|Publication number||US5638315 A|
|Application number||US 08/527,480|
|Publication date||Jun 10, 1997|
|Filing date||Sep 13, 1995|
|Priority date||Sep 13, 1995|
|Publication number||08527480, 527480, US 5638315 A, US 5638315A, US-A-5638315, US5638315 A, US5638315A|
|Inventors||George M. Braceras, Donald A. Evans, Reid A. Wistort|
|Original Assignee||International Business Machines Corporation|
|Export Citation||BiBTeX, EndNote, RefMan|
|Patent Citations (12), Referenced by (13), Classifications (9), Legal Events (6)|
|External Links: USPTO, USPTO Assignment, Espacenet|
This invention pertains in general to data processing systems using high-speed memory to perform data lookups. More particularly, the present invention pertains to a fully-associative content addressable memory in such a system.
A memory unit accessed by content, rather than by address or location, is called an associative memory or content addressable memory (CAM). A memory is fully-associative when any word can be held in any storage location.
When a word is to be read from a CAM, the content of the word, or part of the word, is specified. The memory locates the word which matches the specified content and marks it for reading.
FIG. 1 shows a block overview of the logical components necessary to implement a conventional CAM. Shown are address register 110, key register 112, compare array 114, and memory array 116. Such a CAM is well known in the prior art.
FIG. 2, consisting of FIGS. 2A AND 2B, shows a circuit implementing a prior art compare array like that of Block 114 in FIG. 1. Shown are a set of address lines, of which line 210 is a member, and a column of identical entries, such as entry 212. Entry 212 includes match line 0 and wordline 0.
Entry 212 also comprises a row of XOR gates and corresponding NFETs. Each XOR gate receives input from an address line and a memory element. The contents of the memory elements are set using circuitry not shown in the FIGURES. The output of each XOR gate drives an NFET whose drain is connected to a match line. Each match line is precharged by a PFET to a high state. In addition, each match line is AND'ed with a strobe to produce an output on a wordline.
XOR Gate 214, for example, receives input from address line 210 and memory element 216. Gate 214 drives NFET 218. The drain of NFET 218, in turn, is connected to match line 0. Match line 0 is precharged high by PFET 220. Match line 0 and strobe line 222 are input into AND gate 224. The output of AND gate 224 is wordline 0.
In use, the contents of address register 110 are masked by key register 112 and the resulting bits are applied to the address lines. Each match line is precharged high. Each XOR gate compares the signal on its address line with that of its memory element and drives an NFET with its output. If the XOR gate's output is high, then the NFET drives the match line low. Then, strobe 222 samples the match line of each entry in the CAM and the result is sent to memory array 116.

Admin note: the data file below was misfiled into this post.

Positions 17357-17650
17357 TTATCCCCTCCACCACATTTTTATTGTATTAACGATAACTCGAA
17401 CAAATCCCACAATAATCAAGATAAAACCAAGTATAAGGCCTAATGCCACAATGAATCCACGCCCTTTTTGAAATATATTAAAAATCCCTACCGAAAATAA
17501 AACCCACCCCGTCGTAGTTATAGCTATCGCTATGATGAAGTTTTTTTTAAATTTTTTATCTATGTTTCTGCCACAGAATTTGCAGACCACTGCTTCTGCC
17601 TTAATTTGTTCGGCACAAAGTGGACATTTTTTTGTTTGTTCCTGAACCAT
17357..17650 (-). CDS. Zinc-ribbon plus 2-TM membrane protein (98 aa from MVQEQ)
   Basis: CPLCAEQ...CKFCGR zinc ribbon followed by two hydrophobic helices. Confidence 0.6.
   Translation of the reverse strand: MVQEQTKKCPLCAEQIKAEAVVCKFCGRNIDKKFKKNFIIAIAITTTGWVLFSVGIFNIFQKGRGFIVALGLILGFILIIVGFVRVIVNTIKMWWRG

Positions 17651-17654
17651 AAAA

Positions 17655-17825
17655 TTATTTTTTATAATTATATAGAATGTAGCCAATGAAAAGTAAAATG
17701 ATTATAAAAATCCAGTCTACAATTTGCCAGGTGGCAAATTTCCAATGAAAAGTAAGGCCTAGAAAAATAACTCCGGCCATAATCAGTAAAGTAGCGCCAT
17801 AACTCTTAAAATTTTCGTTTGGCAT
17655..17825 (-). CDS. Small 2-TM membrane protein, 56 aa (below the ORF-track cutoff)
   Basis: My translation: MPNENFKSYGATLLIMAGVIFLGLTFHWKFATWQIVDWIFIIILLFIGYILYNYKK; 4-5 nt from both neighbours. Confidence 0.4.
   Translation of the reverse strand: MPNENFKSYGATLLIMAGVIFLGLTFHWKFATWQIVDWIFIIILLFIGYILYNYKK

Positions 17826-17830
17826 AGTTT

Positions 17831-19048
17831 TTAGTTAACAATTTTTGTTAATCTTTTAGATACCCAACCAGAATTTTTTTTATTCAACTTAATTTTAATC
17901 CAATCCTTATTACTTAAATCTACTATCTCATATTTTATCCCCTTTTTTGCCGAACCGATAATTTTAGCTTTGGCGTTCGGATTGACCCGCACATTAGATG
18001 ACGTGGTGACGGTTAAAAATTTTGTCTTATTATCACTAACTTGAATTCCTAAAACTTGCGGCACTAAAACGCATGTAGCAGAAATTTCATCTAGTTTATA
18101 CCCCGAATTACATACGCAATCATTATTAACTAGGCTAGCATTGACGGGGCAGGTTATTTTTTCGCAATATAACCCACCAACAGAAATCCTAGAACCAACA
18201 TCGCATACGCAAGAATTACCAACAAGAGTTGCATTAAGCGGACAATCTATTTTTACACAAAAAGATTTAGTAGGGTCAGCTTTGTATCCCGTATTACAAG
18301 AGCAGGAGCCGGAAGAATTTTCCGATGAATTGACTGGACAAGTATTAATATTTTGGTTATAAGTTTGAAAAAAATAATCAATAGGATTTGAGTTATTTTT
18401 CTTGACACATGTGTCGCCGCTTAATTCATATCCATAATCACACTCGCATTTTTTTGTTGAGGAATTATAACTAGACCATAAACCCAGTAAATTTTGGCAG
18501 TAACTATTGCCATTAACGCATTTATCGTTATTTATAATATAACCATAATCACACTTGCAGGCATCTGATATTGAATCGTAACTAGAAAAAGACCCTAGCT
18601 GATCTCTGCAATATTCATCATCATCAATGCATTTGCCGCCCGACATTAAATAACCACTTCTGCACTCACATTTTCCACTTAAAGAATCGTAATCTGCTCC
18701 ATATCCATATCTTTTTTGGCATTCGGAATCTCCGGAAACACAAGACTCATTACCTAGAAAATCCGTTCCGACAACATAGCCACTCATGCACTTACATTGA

FIG. 3, consisting of FIGS. 3A AND 3B, shows a typical memory array bit slice of memory array 116 and identifies those elements necessary for an understanding of the prior art. As shown in FIG. 3, memory element entry 0 drives NFET 310 and the inverse of memory element 0 drives NFET 312. The drains of NFETs 310 and 312 are respectively connected to the sources of NFETs 314 and 316. NFETs 314 and 316 are driven by wordline 0. The drains of NFETs 314 and 316 are connected to bit lines 318 and 320, respectively. Bit lines 318 and 320 are precharged high by PFETs 322 and 324. The precharged bit lines are then inverted and become the true and complement outputs of the array bit slice.
In practice, a high wordline drives its associated NFETs, which, in turn, cause the true bit line to go to the inverse of the memory element and the complement bit line to go to the state of the memory element. Each bit line is then inverted, causing the output lines to reflect the state of the memory element.
The chief advantage of a CAM is that of speed. A CAM is uniquely suited to do parallel searches by data association. Moreover, the use of key register 112 allows searches on entire words or specific fields within a word. However, CAMs are generally more expensive than random access memories because each entry must have storage capability as well as logic circuits for matching. For this reason, CAMs are used in applications where the search time is very critical and must be very short, such as in a memory management unit associated with a CPU.
In prior art CAMs, the strobe had to be timed to occur after the slowest match line, otherwise the wordline might be placed in an incorrect state. However, a large time margin between the match line and the strobe subtracted from the performance of the CAM. Therefore, the timing of the strobe line was critical to CAM performance. This race condition between the match lines and the strobe added significant risk of error to the CAM design.
Therefore, there is a need in the art for a method and system of implementing a CAM which eliminates the race condition between the strobe and the match lines.
It is an object of the present invention to provide a more efficient data processing system.